What is asthma?
Asthma is a chronic disease characterized by recurrent attacks of breathlessness and wheezing, which vary in severity and frequency from person to person.
Symptoms may occur several times in a day or week in affected individuals, and for some people become worse during physical activity or at night.
During an asthma attack, the lining of the bronchial tubes swell, causing the airways to narrow and reducing the flow of air into and out of the lungs. Recurrent asthma symptoms frequently cause sleeplessness, daytime fatigue, reduced activity levels and school and work absenteeism. Asthma has a relatively low fatality rate compared to other chronic diseases.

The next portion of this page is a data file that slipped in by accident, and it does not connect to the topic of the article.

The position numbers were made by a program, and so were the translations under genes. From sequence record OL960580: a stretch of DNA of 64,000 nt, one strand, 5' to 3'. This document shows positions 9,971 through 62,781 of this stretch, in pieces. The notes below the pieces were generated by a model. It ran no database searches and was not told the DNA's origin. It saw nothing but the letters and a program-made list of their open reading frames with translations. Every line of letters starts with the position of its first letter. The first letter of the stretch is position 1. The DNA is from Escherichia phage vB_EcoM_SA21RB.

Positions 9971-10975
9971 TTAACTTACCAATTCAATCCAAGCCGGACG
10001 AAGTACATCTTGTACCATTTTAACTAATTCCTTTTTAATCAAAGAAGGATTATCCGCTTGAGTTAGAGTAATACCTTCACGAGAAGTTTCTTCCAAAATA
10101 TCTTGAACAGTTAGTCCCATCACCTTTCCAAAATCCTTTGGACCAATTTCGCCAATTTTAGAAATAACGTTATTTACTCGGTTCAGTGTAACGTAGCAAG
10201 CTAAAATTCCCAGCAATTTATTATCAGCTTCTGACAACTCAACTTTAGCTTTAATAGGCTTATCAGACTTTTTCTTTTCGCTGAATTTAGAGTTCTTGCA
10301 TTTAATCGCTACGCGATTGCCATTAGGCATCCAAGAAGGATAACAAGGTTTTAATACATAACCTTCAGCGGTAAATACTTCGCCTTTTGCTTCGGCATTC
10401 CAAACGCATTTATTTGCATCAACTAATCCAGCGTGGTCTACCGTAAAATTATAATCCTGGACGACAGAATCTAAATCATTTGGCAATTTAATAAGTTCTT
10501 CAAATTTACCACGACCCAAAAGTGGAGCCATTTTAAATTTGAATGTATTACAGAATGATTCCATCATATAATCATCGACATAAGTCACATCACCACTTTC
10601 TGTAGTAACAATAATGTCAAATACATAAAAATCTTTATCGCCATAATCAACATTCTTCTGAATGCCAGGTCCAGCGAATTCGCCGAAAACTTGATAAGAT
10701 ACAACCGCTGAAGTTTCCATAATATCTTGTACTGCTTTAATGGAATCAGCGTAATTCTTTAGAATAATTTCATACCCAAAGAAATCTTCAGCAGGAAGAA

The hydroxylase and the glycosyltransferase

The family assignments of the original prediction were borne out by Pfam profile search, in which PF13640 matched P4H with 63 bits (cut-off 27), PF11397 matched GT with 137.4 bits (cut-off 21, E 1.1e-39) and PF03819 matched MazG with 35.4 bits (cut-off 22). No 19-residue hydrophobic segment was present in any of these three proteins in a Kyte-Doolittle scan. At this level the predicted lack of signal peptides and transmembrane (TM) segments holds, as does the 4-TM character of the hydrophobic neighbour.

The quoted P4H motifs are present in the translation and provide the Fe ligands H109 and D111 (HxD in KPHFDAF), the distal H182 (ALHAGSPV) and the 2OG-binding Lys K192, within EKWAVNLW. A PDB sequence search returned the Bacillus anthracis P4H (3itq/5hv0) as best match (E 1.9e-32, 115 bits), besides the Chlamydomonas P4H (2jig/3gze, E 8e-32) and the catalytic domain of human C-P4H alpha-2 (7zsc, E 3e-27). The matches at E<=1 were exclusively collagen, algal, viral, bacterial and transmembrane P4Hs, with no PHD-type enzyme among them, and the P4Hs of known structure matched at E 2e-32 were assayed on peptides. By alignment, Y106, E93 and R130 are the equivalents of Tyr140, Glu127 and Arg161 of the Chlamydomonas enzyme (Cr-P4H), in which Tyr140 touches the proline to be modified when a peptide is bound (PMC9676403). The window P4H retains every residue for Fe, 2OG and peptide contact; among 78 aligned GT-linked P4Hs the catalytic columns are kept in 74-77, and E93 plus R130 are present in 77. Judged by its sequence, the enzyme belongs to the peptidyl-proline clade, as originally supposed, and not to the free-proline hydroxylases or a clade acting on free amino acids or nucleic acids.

More information on asthma
- According to WHO estimates, 235 million people suffer from asthma.
- Asthma is the most common chronic disease among children.
- Asthma is not just a public health problem for high income countries: it occurs in all countries regardless of level of development. Over 80% of asthma deaths occurs in low and lower-middle income countries.
- Asthma is under-diagnosed and under-treated, creating a substantial burden to individuals and families and possibly restricting individuals’ activities for a lifetime.